Preprint Article Version 1 Preserved in Portico This version is not peer-reviewed

Radiological Scouting, Monitoring and Inspection using Drones

Version 1 : Received: 26 March 2021 / Approved: 29 March 2021 / Online: 29 March 2021 (16:04:33 CEST)

A peer-reviewed article of this Preprint also exists.

Pinto, L.R.; Vale, A.; Brouwer, Y.; Borbinha, J.; Corisco, J.; Ventura, R.; Silva, A.M.; Mourato, A.; Marques, G.; Romanets, Y.; Sargento, S.; Gonçalves, B. Radiological Scouting, Monitoring and Inspection Using Drones. Sensors 2021, 21, 3143. Pinto, L.R.; Vale, A.; Brouwer, Y.; Borbinha, J.; Corisco, J.; Ventura, R.; Silva, A.M.; Mourato, A.; Marques, G.; Romanets, Y.; Sargento, S.; Gonçalves, B. Radiological Scouting, Monitoring and Inspection Using Drones. Sensors 2021, 21, 3143.

Journal reference: Sensors 2021, 21, 3143
DOI: 10.3390/s21093143

Abstract

Human populations and natural ecosystems are bound to be exposed to ionizing radiation1from the deposition of artificial radionuclides resulting from nuclear accidents, nuclear devices2or radiological dispersive devices ("dirty bombs"). On the other hand, NORM industries such as3phosphate production or uranium mining, contribute to the on site storage of residuals with enhanced4concentrations of natural radionuclides. Therefore, in the context of the European agreements5concerning nuclear energy, namely the EURATOM (European Atomic Energy Community) Treaty,6monitoring is an essential feature of the environmental radiological surveillance. In this work, we7obtain 3D maps from outdoor scenarios, and complete such maps with measured radiation levels8and with its radionuclide signature. In such scenarios, we face challenges such as unknown and9rough terrain, limited number of sampled locations and the need for different sensors and therefore10different tasks. We propose a radiological solution for scouting, monitoring and inspecting an area of11interest, using a fleet of drones and a controlling ground station. First, we scout an area with a LiDAR12onboard a drone to accurately 3D-map the area. Then, we monitor that area with a Geiger-Muller13sensor at a low-vertical distance from the ground to produce a radiological (heat)map that is overlaid14on the 3D map of the scenario. Next, we identify the hotspots of radiation, and inspect them in detail15using a drone by landing on them, to reveal its radionuclide signature using a CZT sensor. We present16the algorithms used to implement such tasks both at the ground station and on the drones. The three17mission phases were validated using actual experiments in three different outdoor scenarios. We18conclude that drones can not only perform the mission efficiently, but in general they are faster and19as reliable as personnel on the ground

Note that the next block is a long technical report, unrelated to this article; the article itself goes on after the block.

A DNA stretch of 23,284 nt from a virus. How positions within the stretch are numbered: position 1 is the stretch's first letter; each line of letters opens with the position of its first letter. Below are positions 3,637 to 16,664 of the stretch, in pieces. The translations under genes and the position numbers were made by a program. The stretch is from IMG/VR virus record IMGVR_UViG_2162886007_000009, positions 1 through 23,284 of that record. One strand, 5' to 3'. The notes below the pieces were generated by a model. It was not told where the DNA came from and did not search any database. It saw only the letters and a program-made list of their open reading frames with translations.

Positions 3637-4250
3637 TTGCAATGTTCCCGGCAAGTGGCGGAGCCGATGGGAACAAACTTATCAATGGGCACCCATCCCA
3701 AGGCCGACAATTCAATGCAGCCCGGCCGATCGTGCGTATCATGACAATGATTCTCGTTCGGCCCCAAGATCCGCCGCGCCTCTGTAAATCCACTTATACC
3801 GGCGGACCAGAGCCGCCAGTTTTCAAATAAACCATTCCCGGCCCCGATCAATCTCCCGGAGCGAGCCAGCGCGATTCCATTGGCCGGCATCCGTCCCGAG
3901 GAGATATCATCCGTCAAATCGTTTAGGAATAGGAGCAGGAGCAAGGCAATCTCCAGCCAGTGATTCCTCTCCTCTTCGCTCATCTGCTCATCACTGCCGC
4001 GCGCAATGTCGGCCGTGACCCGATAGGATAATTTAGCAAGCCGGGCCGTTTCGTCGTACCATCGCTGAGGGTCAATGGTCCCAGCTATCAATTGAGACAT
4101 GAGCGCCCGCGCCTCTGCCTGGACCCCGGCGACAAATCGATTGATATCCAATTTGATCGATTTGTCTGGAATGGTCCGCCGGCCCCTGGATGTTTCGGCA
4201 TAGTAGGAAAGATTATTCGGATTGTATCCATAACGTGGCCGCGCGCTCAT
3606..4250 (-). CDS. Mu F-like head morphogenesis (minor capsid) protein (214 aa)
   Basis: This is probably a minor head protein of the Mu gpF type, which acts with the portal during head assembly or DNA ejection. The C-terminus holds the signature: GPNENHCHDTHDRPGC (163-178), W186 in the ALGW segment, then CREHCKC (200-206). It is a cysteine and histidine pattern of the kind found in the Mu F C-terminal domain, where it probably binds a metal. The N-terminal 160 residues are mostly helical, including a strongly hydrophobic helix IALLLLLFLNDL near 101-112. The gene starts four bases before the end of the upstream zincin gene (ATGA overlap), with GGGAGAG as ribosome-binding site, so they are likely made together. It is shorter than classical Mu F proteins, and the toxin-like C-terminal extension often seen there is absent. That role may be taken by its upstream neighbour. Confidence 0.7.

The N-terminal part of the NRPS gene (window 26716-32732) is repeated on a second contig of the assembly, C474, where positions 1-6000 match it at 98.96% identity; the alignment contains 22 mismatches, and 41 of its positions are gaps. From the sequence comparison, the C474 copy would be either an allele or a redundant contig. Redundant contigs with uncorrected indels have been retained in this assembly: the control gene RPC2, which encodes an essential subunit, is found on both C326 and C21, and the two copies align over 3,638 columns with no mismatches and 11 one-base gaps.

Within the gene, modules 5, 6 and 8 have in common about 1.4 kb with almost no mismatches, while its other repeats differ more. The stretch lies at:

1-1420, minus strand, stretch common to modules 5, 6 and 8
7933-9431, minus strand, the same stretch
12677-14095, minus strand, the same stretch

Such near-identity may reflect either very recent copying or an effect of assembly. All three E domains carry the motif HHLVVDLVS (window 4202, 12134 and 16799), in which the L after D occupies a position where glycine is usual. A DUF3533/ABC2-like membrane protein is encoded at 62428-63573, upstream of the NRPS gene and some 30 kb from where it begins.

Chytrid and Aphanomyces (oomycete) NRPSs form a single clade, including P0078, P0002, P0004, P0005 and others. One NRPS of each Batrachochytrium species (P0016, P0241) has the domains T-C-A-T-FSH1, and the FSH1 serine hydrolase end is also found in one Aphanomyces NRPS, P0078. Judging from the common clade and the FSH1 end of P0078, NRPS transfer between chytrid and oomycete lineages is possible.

Keywords

3D reconstruction; Drone; GMC; CZT; Heatmap; Radiological inspection; Radiological sensor; SLAM; UAV

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